The first single from Sunday Morning, the blistering “Sick in the City”, is about being dope sick in New York; the nihilism and isolation that heroin addiction embraces, and the self-centered narcissism and misanthropy that accompanies drug withdrawal. The desperation to just feel alive.
The album ends with “When Sunday Morning Comes”, which Wilson wrote as an antidote to the weekend noise of the hotel he lived at, when the bass bins in the club downstairs would shake the thin glass of his windows. The song features Commons’ female vocal to counter his own on the previous tracks, and represents the salvation prayed for in the opening track “Come the Rain”. “It’s the safety in waking up next to someone dear to your heart and being still beside them as they sleep. Feeling them breathe against you in that moment. Past pain and trauma dissolves and the future is irrelevant in that moment of peace,” says Wilson.
Drawing upon from both his own experiences and his fictional ones growing up in Florida and living in New York, Wilson began writing the lyrics for Sunday Morning when he started writing his novel while living in a tiny hotel room in Vancouver. He asked Hamm if he wanted to collaborate on a couple songs and that mushroomed into several songs they were doing rough demos of in his little studio. Wilson says, “We wanted to do the antithesis of Tankhog and write simple poignant songs. We listened to a lot of Roxy Music (Avalon was on repeat), Drive By Truckers, 70’s Iggy and Bowie (particularly Kill City), and Nick Cave during the writing process.”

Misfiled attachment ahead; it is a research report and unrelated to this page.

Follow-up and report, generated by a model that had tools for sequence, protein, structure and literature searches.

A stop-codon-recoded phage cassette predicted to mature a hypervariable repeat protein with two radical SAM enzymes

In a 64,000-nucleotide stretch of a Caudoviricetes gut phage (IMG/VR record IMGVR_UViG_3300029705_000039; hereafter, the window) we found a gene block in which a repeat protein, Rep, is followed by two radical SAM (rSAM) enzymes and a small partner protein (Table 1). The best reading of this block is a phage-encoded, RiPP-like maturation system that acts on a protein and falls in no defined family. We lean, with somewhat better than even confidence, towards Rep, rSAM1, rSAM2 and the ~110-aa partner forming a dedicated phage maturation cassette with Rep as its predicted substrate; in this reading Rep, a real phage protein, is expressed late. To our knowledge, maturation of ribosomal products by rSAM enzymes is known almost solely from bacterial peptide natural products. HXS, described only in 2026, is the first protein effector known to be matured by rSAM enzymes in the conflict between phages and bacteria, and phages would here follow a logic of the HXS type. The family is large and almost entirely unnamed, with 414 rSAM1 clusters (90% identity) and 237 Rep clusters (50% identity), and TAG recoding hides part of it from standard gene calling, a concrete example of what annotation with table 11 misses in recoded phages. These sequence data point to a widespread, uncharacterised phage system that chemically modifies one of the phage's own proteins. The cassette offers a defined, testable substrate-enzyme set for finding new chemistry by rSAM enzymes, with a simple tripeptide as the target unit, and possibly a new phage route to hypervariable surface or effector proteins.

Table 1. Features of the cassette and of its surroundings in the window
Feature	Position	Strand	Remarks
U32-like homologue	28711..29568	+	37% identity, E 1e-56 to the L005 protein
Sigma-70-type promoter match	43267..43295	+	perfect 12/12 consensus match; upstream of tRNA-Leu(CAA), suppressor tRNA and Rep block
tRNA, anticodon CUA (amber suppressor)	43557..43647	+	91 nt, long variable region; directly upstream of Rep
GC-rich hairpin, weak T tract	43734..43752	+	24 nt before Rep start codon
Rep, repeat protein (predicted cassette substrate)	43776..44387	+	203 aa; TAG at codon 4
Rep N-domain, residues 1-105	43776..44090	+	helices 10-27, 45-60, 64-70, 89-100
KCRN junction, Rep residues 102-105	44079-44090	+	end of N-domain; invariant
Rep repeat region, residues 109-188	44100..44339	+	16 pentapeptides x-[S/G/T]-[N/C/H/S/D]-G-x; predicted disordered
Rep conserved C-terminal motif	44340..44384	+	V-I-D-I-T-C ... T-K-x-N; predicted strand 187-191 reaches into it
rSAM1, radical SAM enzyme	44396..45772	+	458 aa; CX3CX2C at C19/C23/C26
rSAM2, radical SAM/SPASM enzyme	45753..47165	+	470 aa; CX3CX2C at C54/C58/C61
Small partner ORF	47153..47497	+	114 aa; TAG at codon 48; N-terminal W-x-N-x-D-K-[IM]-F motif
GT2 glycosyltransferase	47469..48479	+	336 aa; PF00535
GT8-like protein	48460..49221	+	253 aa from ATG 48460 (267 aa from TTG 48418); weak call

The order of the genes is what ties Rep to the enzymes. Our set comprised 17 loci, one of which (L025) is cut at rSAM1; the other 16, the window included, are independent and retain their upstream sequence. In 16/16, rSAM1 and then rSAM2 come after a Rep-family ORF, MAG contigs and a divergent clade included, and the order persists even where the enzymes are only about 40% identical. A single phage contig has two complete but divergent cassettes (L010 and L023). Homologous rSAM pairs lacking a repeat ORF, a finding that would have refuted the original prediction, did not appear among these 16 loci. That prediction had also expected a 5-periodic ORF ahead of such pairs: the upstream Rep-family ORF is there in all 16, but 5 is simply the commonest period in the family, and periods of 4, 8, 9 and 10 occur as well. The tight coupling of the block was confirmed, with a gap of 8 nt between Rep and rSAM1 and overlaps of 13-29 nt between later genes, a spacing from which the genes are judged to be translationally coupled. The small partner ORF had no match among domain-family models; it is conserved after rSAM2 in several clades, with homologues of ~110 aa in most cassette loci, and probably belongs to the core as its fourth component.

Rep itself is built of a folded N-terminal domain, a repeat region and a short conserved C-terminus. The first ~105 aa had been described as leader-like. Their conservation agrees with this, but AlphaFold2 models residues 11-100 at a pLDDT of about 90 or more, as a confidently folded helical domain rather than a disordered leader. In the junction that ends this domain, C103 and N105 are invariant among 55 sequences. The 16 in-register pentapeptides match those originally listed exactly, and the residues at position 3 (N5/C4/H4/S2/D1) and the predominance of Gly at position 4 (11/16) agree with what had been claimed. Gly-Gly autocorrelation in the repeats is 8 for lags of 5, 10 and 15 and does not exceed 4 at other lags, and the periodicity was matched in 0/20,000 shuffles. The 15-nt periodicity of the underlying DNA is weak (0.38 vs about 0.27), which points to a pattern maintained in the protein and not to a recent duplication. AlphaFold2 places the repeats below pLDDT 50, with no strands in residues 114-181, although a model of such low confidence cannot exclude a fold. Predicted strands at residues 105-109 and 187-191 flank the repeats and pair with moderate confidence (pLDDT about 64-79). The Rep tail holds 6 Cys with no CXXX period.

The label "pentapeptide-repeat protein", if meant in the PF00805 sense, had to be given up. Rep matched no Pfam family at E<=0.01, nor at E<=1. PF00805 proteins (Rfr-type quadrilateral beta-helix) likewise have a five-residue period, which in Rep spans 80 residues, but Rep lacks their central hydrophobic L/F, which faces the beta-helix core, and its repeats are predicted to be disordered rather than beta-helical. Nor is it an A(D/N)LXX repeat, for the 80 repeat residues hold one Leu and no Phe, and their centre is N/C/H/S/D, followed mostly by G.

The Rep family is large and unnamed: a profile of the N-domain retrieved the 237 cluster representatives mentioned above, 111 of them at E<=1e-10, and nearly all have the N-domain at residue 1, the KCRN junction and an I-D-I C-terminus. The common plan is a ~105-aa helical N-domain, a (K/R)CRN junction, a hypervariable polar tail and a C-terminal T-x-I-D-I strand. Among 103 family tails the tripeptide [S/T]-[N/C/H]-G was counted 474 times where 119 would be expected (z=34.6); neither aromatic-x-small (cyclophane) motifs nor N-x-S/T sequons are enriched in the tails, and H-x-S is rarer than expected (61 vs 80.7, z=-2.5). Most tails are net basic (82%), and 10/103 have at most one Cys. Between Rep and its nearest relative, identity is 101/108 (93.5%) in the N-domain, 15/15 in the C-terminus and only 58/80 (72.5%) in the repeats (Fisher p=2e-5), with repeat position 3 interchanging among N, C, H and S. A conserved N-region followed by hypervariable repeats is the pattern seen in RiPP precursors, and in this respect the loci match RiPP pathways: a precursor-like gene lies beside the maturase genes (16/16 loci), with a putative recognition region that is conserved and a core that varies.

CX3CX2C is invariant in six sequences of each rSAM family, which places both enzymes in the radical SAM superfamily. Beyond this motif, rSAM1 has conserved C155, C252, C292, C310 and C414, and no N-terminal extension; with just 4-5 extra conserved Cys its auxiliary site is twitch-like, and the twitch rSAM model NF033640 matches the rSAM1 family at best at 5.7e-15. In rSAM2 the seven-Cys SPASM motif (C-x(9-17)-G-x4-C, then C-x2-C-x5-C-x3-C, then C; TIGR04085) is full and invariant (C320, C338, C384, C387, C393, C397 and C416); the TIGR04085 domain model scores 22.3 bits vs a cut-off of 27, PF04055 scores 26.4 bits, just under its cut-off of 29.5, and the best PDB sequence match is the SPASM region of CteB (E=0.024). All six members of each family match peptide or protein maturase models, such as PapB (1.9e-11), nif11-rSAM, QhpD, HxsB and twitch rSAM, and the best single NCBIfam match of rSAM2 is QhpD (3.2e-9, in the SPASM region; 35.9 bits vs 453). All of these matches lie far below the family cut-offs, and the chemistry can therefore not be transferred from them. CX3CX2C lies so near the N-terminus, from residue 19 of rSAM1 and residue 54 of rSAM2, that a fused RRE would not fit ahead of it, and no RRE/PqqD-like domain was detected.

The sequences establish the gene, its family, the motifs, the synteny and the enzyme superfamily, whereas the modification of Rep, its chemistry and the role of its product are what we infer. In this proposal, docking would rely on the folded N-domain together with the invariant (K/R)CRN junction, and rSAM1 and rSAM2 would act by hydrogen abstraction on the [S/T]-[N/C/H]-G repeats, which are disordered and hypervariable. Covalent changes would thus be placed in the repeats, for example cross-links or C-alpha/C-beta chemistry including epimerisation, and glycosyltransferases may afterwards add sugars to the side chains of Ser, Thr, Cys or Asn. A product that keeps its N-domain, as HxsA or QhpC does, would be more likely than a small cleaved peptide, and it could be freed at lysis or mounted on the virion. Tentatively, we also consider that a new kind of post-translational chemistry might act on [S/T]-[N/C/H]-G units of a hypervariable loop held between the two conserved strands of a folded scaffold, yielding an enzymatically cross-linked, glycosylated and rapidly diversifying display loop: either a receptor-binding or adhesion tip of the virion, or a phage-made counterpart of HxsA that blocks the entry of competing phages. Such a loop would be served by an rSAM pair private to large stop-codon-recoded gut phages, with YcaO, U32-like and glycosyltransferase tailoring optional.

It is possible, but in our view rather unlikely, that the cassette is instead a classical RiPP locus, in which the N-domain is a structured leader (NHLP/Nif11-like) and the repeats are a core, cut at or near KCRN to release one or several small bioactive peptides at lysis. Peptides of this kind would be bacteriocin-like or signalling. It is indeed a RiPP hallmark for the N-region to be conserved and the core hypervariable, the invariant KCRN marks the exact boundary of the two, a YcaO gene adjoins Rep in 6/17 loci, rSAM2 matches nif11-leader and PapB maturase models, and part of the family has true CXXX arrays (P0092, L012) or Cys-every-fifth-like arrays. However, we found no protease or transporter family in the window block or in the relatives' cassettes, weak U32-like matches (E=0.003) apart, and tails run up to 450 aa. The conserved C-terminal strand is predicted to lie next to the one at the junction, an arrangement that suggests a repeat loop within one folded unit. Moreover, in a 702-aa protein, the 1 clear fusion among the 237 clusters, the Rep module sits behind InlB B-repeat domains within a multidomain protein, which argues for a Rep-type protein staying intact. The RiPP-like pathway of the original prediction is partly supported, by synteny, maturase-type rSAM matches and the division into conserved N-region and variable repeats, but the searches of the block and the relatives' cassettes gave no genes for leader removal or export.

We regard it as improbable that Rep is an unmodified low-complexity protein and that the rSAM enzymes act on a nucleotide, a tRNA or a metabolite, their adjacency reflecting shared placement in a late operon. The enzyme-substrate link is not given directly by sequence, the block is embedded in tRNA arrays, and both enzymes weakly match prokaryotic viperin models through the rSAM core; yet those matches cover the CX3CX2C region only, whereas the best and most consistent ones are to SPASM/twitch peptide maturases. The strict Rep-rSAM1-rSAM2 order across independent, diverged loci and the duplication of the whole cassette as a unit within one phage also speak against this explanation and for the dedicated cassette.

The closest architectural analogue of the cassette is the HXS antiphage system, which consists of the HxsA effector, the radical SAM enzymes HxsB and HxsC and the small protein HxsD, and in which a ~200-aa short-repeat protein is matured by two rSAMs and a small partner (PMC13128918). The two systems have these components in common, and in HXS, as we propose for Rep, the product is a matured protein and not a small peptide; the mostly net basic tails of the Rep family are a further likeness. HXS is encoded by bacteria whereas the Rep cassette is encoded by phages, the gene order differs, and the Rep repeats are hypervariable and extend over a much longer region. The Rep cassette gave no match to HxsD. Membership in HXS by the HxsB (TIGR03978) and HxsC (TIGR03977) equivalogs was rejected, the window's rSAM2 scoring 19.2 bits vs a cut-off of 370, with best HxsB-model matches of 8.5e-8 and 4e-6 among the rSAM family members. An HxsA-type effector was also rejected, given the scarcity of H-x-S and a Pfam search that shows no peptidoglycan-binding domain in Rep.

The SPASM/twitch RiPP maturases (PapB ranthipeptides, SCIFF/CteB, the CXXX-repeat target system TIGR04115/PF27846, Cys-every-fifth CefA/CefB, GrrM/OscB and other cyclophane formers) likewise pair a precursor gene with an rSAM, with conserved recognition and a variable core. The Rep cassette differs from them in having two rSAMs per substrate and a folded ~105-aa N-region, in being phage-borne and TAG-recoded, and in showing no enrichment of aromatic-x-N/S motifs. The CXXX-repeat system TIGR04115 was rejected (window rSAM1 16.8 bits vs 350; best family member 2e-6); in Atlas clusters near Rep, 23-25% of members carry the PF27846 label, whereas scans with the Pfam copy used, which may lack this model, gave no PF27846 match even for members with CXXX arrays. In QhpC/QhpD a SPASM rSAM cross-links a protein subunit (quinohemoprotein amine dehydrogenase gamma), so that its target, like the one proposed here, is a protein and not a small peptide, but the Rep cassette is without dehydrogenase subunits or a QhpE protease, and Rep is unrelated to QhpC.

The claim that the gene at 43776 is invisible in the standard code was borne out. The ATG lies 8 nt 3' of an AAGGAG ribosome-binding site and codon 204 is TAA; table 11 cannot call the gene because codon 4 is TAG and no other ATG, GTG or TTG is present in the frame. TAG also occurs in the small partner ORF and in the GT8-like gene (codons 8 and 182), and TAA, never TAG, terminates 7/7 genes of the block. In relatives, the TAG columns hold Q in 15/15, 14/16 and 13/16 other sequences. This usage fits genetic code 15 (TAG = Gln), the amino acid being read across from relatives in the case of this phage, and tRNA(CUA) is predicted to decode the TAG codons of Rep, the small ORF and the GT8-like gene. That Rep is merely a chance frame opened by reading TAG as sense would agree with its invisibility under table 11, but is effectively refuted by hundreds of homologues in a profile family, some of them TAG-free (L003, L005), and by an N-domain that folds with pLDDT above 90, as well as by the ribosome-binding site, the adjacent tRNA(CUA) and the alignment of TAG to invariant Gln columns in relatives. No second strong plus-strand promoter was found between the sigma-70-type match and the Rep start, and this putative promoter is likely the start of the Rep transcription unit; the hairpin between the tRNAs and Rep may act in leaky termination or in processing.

Hamm suggested we put together a band to play the songs we’d written. Says Wilson, “We basically went after our dream band of Vancouver musicians and got exactly that. We’d played with Kevin Rose previously in Tankhog. Hamm played with Justin in the Evaporators with Nardwuar. Coco we knew from Bif Naked and The Gay. Interestingly the core band were all alumni of Mint Records at some point. We brought in other key musicians and vocalists as we needed them. Leah Commons is a childhood friend who wanted to be involved in some capacity so I gave her the lyrics to “When Sunday Morning Comes”. She came back the next day with a rough sketch of the music and vocal line and it fit beautifully into the other material both musically and tonally.”
To compliment the release of Sunday Morning, he worked with acclaimed Vancouver photographer and filmmaker R.d Cane to create videos for “Come The Rain”, “1986” and “Sick In The City”. Cane, who started in the film industry in 1974 and has shot thousands of movies, commercials, and music videos in North America and Japan, was Wilson’s obvious choice for photographs and videos. “The emotional content of all these pieces was drawn from personal trauma so I needed to work with someone I felt completely comfortable with. His direction was unobtrusive and he captured the raw essence of the content”, he says.
Sunday Morning can be a time of quiet streets and peaceful reflection, or coming to in a stranger’s bed trying piece together fragmented images from the night before. Feeling the weight of living in reflection on events impossible to change or recreate. It is a journey that travels thousands of miles, and starts here. On Sunday Morning.
For additional information on Sunday Morning and their self-titled record, please contact Jocelynn Loebl at Howlin’ Wuelf Media at Jocylibs@yahoo.com or at 917-523-8881.